The manufacture of coated roadstone demands the combination of a number of aggregates, sand and a filler (such as stone dust), in the correct proportions, heated, and finally coated with a binder, usually bitumen based or, in some cases, tar,although tar was removed from BS4987 in 2001 and is not referred to in BSEN 13108/1. The temperature of the finished product must be sufficient to be workable after transport to the final destination. A temperature in the range of 100 to 200 degrees Celsius is normal.
Increasingly, recycled asphalt pavement (RAP) is used as part of the mix. The binder used is flammable, and the heaters are large liquid or gas fired burners. RAP is introduced after the heating process and must be accounted for in the overall mix temperature calculations. New Warm-mix technologies have allowed asphalt plants to produce asphalt at lower temperature and extend the allowable temperature range for paving. In 2014, nearly one third of all asphalt produced during the construction season was produced using warm-mix technologies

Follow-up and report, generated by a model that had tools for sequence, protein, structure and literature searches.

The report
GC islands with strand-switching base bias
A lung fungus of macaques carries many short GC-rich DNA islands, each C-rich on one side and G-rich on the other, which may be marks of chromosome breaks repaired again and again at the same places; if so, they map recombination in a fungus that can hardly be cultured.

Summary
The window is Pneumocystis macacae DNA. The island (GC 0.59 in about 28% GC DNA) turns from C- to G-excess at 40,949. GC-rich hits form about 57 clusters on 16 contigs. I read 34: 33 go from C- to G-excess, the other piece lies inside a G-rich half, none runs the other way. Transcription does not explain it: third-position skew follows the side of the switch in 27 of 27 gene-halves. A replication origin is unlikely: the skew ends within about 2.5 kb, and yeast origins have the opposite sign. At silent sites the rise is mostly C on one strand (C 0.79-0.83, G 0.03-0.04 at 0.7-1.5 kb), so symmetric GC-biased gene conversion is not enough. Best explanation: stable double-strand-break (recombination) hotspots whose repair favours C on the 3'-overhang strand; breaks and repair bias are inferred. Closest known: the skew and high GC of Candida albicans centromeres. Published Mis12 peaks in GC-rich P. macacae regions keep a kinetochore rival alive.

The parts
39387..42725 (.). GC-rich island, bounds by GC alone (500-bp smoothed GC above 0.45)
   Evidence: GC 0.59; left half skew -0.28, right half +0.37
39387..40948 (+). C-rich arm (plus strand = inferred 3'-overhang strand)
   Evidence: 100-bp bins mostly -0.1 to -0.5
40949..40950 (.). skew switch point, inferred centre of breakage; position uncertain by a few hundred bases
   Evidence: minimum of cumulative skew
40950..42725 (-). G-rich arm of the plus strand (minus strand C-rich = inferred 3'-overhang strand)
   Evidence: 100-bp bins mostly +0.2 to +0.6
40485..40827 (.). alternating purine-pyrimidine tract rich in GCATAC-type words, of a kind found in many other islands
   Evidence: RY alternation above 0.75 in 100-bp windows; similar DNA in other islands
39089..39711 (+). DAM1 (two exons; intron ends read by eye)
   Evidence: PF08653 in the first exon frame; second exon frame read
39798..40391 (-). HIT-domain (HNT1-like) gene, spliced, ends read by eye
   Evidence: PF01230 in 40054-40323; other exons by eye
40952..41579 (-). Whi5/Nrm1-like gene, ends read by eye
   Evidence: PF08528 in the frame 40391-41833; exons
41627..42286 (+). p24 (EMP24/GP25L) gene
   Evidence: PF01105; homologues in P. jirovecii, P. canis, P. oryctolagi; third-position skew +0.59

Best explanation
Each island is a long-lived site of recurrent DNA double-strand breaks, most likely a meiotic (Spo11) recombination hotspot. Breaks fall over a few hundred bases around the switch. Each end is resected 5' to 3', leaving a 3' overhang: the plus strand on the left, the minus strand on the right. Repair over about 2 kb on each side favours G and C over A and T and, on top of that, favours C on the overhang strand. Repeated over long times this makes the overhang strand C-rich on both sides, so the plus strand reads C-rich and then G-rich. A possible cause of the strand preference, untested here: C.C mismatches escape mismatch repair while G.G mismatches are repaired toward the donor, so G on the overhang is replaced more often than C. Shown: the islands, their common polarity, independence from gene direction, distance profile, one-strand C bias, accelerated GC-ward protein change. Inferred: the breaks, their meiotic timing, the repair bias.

There are three main classes of plant: batch heater, semi-continuous (or "asphalt plant"), and continuous (or "drum mix"). The batch heater has the lowest throughput, the continuous plant the highest at up to around 500 tonnes per hour.
Supply of roadstone for large contracts is generally by tender with considerable pressure on price. A faulty batch of roadstone must be planed up and relaid, often with additional lane rental charges, at a cost which may be orders of magnitude higher than the original price, so sophisticated control systems are a necessity.